Levin College of Law
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Trade and Human Rights

Course Number: LAW 6936 Credits: 2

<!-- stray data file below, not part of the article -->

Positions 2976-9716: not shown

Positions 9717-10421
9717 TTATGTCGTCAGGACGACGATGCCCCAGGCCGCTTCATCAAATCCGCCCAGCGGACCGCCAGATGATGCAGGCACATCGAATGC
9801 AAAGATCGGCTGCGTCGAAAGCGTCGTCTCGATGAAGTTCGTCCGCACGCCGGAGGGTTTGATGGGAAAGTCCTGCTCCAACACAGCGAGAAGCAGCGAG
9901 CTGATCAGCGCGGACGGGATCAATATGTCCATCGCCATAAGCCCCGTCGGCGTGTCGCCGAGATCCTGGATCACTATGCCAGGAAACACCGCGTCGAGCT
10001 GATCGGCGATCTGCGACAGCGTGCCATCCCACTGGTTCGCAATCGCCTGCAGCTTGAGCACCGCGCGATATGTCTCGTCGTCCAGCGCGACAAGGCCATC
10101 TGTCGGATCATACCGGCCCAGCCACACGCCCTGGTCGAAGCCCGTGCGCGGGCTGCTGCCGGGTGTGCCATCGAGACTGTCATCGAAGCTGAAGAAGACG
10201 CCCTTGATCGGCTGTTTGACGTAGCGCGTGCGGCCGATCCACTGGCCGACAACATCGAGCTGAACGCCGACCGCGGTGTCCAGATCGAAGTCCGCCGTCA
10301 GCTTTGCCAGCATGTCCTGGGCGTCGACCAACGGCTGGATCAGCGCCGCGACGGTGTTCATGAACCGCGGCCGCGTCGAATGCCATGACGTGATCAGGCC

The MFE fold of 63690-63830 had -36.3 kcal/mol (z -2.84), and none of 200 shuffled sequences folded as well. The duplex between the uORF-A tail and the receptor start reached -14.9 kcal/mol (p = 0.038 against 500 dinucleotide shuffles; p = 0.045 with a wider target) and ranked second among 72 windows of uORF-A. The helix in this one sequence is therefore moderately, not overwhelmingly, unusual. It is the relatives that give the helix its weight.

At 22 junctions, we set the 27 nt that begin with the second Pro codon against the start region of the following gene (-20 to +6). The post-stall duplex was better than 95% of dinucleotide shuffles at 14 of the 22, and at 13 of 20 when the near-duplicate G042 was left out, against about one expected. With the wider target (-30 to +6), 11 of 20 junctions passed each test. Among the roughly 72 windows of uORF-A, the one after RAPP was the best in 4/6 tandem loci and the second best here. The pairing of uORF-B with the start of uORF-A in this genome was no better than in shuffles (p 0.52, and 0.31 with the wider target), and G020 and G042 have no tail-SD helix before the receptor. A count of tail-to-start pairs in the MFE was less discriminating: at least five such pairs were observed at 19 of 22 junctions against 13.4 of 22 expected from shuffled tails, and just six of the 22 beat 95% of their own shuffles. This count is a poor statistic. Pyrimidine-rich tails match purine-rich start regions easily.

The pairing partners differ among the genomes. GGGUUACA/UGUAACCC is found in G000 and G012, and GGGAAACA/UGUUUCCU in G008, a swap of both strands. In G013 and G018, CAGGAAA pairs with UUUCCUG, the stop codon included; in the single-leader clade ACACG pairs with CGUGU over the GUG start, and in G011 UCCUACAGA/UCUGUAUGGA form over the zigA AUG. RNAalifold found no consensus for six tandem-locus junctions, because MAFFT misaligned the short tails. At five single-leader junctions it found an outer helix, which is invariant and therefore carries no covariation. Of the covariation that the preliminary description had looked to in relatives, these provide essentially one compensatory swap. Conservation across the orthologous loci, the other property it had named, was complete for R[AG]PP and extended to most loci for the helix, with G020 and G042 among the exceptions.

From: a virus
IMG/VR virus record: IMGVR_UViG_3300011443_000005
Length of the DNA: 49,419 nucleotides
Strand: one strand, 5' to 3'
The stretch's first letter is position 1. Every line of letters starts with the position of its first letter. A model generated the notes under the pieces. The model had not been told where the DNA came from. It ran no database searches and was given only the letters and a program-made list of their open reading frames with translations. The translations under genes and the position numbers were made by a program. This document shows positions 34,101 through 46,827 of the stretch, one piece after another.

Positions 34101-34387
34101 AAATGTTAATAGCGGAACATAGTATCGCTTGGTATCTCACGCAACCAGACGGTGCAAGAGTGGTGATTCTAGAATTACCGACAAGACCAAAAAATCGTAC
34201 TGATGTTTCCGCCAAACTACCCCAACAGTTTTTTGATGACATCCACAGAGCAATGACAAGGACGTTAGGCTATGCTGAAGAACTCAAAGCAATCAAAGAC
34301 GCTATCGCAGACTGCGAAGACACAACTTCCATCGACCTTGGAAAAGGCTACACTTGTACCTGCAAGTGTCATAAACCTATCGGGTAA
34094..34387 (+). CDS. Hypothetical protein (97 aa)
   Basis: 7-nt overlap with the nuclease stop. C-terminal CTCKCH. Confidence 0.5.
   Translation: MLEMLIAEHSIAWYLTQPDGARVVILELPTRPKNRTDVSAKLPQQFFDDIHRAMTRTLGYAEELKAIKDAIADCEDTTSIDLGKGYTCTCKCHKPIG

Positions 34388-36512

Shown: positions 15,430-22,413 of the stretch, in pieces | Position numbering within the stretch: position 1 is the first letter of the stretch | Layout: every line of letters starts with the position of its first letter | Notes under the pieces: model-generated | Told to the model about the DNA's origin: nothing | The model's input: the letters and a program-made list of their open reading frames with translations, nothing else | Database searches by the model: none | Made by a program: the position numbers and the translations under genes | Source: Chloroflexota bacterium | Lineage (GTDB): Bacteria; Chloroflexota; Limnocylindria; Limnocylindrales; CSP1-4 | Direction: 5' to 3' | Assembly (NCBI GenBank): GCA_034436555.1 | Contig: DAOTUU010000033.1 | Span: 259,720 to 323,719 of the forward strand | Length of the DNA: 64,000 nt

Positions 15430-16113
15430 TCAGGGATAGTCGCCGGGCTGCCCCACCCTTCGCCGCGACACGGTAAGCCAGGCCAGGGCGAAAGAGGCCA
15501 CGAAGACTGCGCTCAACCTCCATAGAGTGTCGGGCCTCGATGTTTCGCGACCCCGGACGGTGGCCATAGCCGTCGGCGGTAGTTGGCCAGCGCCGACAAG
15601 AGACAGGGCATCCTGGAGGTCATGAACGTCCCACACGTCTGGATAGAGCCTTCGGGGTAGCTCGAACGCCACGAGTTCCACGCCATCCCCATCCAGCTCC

Although human rights law and trade law have developed well-established regimes through a series of negotiations on parallel tracks since WWII, there is increasing criticism from a variety of fronts that international trade rules are insensitive to basic human rights and that globalization has done little to alleviate the gap between rich and poor. Must trade and human rights regimes necessarily conflict? This seminar will explore the premises of the trade and human rights debate from the perspectives of both free trade advocates and human rights activists, with the purpose of imparting a better understanding if the rationales for both systems of law and the ways each is attempting to avoid a clash that could have profound impact on the protection of human rights and on the global market. Using actual examples from the 35 nations of the hemisphere, the seminar will examine in depth such human rights policies in the Americas as those involving conscripted child labor, sustainable development, health promotion, equality of women, trafficking, indigenous peoples, poverty, citizenship, and economic sanctions.